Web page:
Blog Entry

Breaking news: College recruiting is still shady

Posted on: July 7, 2009 6:30 pm
Edited on: July 7, 2009 6:37 pm
 

AKRON, Ohio -- You might think the slew of negative attention that USC and Memphis have endured in recent months would scare college basketball recruiting straight, at least to some degree. But if you think that, you are stupid. And I offer DaJuan Coleman as Exhibit 1A.

Coleman is a star of the Class of 2012.

That means he just finished his freshman year of high school.

He's one of only three Class of 2012 prospects invited to the LeBron James Skills Academy, and on Tuesday he casually spoke about the dangers of being an elite prospect identified this early. "People have offered me stuff, but I don't take it," Coleman told CBSSports.com. "I know what's good."

If you didn't catch that, what we have is a rising sophomore already being "offered stuff."

And really, that's the problem.

As long as elite prospects can be identified at an early age, there are going to be people offering stuff to those same elite prospects. The O.J. Mayo case will not make it stop. People -- like runners or agents or, in some cases, actual college coaches -- will offer stuff to prospects, to the families of prospects, and to anybody else they think might be close enough to the prospects to have some sort of influence. In most cases, eventually, somebody will take something because, really, how could they not? And then two or three years later, millions will pretend these same elite prospects are "amateur" athletes while willfully (and stupidly) buying into the myth that there is such a thing at the highest levels of this sport.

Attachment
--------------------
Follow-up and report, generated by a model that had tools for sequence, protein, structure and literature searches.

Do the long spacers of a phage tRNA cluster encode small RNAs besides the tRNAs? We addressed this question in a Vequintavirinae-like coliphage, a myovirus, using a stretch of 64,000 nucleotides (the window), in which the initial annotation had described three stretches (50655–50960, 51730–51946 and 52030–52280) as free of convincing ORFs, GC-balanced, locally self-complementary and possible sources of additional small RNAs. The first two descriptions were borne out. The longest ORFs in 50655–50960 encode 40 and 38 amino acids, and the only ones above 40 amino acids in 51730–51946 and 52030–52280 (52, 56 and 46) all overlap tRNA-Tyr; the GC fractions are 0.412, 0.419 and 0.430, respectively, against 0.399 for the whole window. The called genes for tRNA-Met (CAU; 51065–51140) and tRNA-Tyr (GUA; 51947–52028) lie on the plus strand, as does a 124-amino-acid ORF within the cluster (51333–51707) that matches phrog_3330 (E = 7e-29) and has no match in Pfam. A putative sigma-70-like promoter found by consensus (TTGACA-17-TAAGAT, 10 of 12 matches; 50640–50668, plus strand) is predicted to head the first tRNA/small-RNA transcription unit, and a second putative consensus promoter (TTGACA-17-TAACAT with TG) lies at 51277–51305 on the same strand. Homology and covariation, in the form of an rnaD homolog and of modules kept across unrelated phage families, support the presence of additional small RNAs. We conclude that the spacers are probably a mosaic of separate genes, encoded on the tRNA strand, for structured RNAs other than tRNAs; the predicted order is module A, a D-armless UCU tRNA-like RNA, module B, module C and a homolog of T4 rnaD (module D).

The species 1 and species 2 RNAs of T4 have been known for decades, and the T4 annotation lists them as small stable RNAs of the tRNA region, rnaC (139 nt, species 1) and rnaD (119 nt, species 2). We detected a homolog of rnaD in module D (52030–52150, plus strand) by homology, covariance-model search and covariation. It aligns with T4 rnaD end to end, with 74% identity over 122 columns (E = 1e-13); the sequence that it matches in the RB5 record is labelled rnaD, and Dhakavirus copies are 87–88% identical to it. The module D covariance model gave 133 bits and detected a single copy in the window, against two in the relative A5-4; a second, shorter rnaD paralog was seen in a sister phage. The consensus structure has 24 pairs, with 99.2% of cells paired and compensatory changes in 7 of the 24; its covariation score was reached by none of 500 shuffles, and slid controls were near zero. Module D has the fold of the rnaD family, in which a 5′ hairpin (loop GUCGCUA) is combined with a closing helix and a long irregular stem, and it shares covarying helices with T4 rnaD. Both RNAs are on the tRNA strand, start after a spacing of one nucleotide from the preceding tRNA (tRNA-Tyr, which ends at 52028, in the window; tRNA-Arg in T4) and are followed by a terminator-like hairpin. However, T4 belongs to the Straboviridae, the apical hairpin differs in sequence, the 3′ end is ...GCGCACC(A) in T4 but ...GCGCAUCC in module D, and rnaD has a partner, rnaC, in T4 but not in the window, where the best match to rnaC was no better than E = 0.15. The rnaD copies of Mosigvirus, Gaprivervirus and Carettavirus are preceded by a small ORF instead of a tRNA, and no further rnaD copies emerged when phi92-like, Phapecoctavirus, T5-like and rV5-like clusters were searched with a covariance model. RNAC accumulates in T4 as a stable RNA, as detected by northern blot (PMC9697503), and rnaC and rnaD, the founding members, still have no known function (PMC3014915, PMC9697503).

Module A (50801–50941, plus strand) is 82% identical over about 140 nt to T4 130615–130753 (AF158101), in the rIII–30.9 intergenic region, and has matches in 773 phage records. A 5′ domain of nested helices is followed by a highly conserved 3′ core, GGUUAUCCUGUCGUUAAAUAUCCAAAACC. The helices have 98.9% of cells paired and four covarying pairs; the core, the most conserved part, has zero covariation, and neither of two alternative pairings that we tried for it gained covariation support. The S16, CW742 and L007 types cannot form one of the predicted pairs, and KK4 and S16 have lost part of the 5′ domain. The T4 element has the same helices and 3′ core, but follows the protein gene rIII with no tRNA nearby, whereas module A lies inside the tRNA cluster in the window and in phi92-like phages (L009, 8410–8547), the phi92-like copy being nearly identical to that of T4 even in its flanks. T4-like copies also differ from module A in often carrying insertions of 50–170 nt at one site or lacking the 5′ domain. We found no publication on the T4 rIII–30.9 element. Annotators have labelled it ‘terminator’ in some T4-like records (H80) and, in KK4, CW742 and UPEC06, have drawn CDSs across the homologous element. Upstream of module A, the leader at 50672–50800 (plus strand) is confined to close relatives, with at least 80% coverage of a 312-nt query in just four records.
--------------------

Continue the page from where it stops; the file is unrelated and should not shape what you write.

It's crazy.

And what it highlights is a system flawed to its core, a system that on one end requires agents and runners and coaches to secure elite prospects to get wealthy, and on the other end asks those same elite prospects to never take a free meal, much less a cell phone, car or cash. It's unnatural and impossible to make work. Which is why I always shrug my shoulders when people ask what the NCAA must do to eliminate cheating in college basketball? The truth is that folks won't cease breaking rules until the rules are eliminated, because the alternative is to eliminate the money being made and the money at stake, and, as you know, that's not going anywhere.
Category: NCAAB
Comments

Since: Jul 8, 2009
Posted on: July 8, 2009 5:35 pm
 

Breaking news: College recruiting is still shady

And there you are interviewing a 13/14-year-old. The bad guys aren't the only ones making money off these kids. Fact is Coleman's talent is a commodity. And just like any other natural resource, there's never going to be any shortage of people looking to profit off its use. That's people who want to get paid to influence him, colleges who want to use him to win games and get big pay days, and media who want ratings/web hits/circulation numbers to sell to advertisers.

 

Not saying you shouldn't be there. I love that you are and I get to read about it. I'm just pointing out that the profiteering off these kids has a lot more layers than just "offering stuff."




Since: Mar 31, 2009
Posted on: July 7, 2009 6:47 pm
 

Breaking news: College recruiting is still shady

Did anyone think it would change after USC or Memphis this past year? These kids mean major dollars to University's and major dollars to the coaches that can deliver them to campus. With esculating salaries, coaches are willing to take the risk on toeing the line in recruiting in order to get a major million dollar job, or keeping his major million dollar job. It's a shame, but its reality. Some of these kids grow up in very humble enviroments and when money or other 'stuff' is put in fron of their face, its hard for them to say no. I honestly don't know what is going to stop this kind of behavior. It's not going to be from USC or Memphis losing a scholarship here or there, that is for sure.


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